The Liga Venezolana de Béisbol Profesional (LVBP) season is about to start next week, and fans will be hearing “play ball” for the first time in a year, but this time it comes with new passions that have nothing to do with playing ball and a lot to do with the state of our nation and how polarized it is.

Add to that the fact that PDVSA is going to bankroll the operation, and you can imagine the tone of the debate: How can there be baseball in a country where 93% of people can’t afford enough food? How is it possible that they gave 10 million dollars to the LVBP while people starve?

For some, “there can’t be a fiesta de béisbol when there’s no medicine for the ill,” and fans of all eight teams are firmly opposing the 2017–2018 season.

Not Just a Game

While many think of baseball as “a game,” the LVBP is one of the most solid and profitable businesses in the country. Asking for no baseball, from an offended fan’s perspective, is one thing, but asking to deprive hundreds of Venezuelans of the opportunity to work is a whole different game.

How can there be baseball in a country where 93% of people can’t afford enough food?

When you demand that there’d be no baseball, not only the players lose their jobs, it’s also coaches, vendors, referees, transportation companies, field maintenance people, doctors and professionals on every team, sports anchors, cheerleaders and a long long list of folks who would suffer from this crisis and have no backup plan.

More than noble, it’s our duty to think of the less fortunate at times like these, and by “prohibiting” the season, we might be pushing others to dire economic scenarios, while really fixing nothing.

But fans may be justifiably mad.

What About the 10 Million?

This is where the plot thickens. The Venezuelan oil juggernaut is expected to be an official sponsor for this season, as makeup for the PR dólares-preferenciales debacle the LVBP has been struggling with. This has no reason to be. That’s why we have a Venezuelan Baseball Federation, a public entity whose sole existence is to promote and develop Venezuelan talent.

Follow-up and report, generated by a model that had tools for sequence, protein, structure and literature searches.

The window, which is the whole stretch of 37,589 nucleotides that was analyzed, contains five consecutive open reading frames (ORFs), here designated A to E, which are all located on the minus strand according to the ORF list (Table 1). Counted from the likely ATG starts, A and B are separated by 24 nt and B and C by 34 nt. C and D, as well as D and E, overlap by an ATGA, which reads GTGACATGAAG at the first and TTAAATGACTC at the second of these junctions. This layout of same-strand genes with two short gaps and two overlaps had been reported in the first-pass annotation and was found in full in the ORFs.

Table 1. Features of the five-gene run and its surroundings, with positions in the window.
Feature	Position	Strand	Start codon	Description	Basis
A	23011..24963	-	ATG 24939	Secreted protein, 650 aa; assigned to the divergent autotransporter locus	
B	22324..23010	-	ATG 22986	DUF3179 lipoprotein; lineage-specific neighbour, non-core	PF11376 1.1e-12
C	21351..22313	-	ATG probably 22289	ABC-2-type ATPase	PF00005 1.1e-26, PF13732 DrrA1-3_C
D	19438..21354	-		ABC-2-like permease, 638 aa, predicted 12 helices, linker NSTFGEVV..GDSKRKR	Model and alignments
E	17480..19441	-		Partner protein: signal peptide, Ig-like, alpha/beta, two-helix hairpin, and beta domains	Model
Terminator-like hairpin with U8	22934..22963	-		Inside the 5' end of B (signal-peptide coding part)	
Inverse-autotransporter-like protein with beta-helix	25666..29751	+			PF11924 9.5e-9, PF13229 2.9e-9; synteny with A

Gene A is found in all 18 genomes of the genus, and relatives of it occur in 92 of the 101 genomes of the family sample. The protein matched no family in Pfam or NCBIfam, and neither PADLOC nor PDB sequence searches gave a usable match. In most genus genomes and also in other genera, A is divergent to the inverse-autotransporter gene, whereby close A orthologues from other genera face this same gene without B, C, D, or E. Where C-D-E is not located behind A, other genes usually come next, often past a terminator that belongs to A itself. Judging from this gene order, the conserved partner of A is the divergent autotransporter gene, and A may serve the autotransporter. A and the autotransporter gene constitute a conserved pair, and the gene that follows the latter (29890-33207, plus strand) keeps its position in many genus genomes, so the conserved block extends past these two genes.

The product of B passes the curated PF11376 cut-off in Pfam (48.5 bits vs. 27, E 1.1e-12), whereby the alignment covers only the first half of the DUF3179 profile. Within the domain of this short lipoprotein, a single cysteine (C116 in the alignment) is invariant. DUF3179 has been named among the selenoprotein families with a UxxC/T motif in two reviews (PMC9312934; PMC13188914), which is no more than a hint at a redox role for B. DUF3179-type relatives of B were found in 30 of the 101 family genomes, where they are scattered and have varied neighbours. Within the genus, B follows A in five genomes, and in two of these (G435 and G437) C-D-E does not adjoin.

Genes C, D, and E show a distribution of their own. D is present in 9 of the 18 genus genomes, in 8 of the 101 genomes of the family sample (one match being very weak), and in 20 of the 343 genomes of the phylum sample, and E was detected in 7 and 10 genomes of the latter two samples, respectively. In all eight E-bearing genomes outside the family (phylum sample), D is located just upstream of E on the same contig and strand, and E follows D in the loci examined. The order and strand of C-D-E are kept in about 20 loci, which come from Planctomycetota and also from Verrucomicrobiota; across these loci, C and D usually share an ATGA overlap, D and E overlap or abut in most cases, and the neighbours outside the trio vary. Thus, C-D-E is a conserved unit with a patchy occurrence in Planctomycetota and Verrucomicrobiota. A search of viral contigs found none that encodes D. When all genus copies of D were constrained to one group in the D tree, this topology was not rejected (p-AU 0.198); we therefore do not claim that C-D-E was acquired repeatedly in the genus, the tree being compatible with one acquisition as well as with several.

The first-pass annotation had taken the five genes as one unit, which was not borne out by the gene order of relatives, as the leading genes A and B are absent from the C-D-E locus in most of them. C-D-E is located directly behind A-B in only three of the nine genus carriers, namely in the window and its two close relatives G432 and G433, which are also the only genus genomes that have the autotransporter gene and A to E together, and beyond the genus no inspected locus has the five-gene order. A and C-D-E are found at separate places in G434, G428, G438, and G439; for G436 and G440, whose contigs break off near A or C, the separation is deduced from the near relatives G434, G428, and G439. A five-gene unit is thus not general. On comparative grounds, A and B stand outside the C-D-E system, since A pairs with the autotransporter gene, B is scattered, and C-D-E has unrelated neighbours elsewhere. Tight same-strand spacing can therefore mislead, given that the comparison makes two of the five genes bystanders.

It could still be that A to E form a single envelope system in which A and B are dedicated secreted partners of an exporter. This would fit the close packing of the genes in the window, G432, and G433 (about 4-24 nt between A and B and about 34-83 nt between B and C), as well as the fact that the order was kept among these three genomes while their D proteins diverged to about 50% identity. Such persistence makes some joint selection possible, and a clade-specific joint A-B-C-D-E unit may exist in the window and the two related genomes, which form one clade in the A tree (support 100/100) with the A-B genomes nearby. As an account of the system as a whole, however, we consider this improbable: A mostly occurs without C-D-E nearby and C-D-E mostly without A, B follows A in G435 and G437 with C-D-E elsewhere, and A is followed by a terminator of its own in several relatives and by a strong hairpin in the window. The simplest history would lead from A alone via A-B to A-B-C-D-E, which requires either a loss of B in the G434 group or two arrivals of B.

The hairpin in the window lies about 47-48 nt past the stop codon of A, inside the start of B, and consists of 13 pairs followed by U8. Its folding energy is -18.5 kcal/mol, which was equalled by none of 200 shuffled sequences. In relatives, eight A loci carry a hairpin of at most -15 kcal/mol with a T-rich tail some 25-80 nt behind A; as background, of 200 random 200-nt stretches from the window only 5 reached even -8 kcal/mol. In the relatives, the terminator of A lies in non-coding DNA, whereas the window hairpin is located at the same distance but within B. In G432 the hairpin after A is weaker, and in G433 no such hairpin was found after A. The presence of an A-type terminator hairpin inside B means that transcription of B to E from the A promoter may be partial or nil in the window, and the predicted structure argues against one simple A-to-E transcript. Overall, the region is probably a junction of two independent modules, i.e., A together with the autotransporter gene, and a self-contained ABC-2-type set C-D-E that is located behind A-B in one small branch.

If last season left any lessons at all, it might be that, unless prices for tickets magically plummet, Venezuelan ballparks will be deserted, giving us a clue into this conundrum’s raison d’etre. It’s not profit, or talent (since it’s mostly imported), nor is it harakiri in the name of the fans.

It’s keeping business as usual.

Those ten million dollars are life and death for literally hundreds, if not thousands.

Every swing of the bat, every toss to first base, every single pitch, is being paid by you, at the expense of those who have the next Caracas-Magallanes on their priority list, for buying food is hard enough as it is.

It’s true the MLB never stopped playing during the World Wars or Vietnam, nor were the Olympics suspended, and we still have weddings, quinceaños, bachelor parties and baptisms. Celebrations are necessary in times of crisis and the juego de pelota has been a tool in uniting the country for years. But, then again, the US never starved and for as many wars as they have taken part in, none were on home soil or waged during an economic tragedy.

Those ten million dollars are life and death for literally hundreds, if not thousands. Feeling guilty while watching a game might be the only sane answer to this, another of our things tainted by mismanagement.

Caracas Chronicles is 100% reader-supported. Support independent Venezuelan journalism by making a donation.